This film shows the disaster of the Kuwaitian oil fields in flames. In contrast to the common documentary film there are no comments and few interviews. What must have been the hell itself ... See full summary »
In February 2009 a group of Danish soldiers accompanied by documentary filmmaker Janus Metz arrived at Armadillo, an army base in the southern Afghan province of Helmand. Metz and cameraman... See full summary »
Michael Moore's view on what happened to the United States after September 11; and how the Bush Administration allegedly used the tragic event to push forward its agenda for unjust wars in Afghanistan and Iraq.
This film shows the disaster of the Kuwaitian oil fields in flames. In contrast to the common documentary film there are no comments and few interviews. What must have been the hell itself is presented to the viewer in such beautiful sights and beautiful music that one has to be fascinated by it. The German title translates 'lessons in darkness'. Written by
Werner Herzog thought the fires would be burning for months; when he found out they could be out in a few weeks, he hooked up with an experienced English film crew that had gotten permits but hadn't yet decided on the angle to their film. See more »
In an aerial shot, the shadow of the camera's helicopter is visible (about 10 minutes, 8 seconds into the film). See more »
Two figures are approaching an oil well. One of them holds a lighted torch. What are they up to? Are they going to rekindle the blaze? Is life without fire become unbearable for them?... Others, seized by madness, follow suit. Now they are content. Now there is something to extinguish again.
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Herzog's apocalyptic vision of Kuwait is grand and memorable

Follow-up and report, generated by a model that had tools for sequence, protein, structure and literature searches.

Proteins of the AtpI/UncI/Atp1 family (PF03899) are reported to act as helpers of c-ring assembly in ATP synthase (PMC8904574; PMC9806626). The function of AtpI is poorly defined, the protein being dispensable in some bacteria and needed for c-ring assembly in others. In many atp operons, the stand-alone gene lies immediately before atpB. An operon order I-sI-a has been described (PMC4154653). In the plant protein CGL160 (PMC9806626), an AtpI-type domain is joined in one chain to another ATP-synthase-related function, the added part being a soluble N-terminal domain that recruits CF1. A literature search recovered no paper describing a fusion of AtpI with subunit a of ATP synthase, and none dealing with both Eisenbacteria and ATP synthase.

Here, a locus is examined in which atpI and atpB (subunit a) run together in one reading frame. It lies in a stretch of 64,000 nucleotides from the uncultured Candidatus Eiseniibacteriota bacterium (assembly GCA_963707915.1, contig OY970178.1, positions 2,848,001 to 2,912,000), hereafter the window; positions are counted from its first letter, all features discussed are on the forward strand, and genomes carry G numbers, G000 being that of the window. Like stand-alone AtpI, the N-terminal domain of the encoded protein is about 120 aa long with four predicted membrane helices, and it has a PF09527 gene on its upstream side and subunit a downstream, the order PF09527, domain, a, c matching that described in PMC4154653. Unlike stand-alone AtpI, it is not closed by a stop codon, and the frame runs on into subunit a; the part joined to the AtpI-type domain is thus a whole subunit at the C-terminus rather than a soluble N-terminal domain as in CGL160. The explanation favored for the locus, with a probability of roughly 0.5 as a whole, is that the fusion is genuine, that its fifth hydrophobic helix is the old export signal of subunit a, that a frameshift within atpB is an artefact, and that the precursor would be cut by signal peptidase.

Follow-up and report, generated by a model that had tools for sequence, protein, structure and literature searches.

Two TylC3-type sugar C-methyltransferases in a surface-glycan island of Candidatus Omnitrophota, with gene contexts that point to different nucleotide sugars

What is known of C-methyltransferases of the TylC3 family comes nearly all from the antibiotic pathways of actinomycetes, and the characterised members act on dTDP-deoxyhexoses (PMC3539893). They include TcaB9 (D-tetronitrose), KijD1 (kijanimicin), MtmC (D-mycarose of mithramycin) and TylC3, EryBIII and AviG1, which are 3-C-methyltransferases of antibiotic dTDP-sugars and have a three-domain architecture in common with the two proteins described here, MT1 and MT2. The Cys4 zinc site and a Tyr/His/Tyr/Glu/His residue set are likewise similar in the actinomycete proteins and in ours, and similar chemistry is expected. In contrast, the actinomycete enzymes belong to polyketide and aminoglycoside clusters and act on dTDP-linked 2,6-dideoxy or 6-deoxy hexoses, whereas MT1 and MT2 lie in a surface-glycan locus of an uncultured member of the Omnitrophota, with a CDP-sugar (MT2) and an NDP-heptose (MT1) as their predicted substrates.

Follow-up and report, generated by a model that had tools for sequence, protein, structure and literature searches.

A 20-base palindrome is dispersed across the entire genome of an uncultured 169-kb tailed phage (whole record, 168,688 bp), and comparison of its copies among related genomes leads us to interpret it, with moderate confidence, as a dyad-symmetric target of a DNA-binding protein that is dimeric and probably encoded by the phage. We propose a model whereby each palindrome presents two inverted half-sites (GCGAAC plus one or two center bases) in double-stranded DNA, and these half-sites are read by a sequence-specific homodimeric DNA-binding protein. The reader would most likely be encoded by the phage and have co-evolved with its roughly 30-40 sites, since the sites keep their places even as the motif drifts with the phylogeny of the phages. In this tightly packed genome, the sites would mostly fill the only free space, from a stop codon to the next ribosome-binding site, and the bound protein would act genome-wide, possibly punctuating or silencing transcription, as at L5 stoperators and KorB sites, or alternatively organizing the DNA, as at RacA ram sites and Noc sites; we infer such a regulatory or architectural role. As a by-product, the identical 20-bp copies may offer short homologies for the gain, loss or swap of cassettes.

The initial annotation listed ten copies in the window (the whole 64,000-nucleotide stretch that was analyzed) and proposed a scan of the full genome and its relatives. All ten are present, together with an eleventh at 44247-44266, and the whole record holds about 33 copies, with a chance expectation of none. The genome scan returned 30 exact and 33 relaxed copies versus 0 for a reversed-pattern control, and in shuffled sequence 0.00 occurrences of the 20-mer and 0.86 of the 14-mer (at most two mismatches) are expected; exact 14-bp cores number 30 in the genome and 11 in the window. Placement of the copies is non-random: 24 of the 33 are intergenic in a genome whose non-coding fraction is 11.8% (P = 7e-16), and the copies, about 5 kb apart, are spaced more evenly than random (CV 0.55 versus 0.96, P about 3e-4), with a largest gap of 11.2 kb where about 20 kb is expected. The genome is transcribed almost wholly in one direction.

Herzog's grandiose manner, sense of the operatic, and true historical events come together awe-inspiringly in this apocalyptic vision of oil fires and destruction left in the wake of the Gulf War.
If ever a man was fitted to undertake the portrayal of destruction on such a grand scale, then Herzog is he. It would be interesting to know whether this documentary was a commission or Hertzog directed this film on a personal, artistic basis. Whatever the reason for its production, Lessons of Darkness (it's English title) is a stunning piece of work. The Kuwaiti landscape is presented in sweeping, wide angle shots making it look like the surface of an alien planet rather than the Middle East. Huge oil fires, the cratered burnt desert, dark oil spills, crumpled and abandoned machinery and war vehicles, appear in surreal and awesome parade which both take the viewer's breath away in their beauty and shock through the utter devastation.
A central section, in which quiet footsteps walk alongside a ghastly display of torture implements, provides a shocking contrast to the images that open the film. Here the impact is smaller, more intimate but as moving.
In the third and last part of the film, firefighters attempt to douse the oil blazes, their hoses and equipment rearing up and out in the smoke and sunshine, shining like monsters in the alien landscape.
The sonorous music of Wagner perfectly complements a vision which is an entirely characteristic, memorable addition to Herzog's oeuvre.
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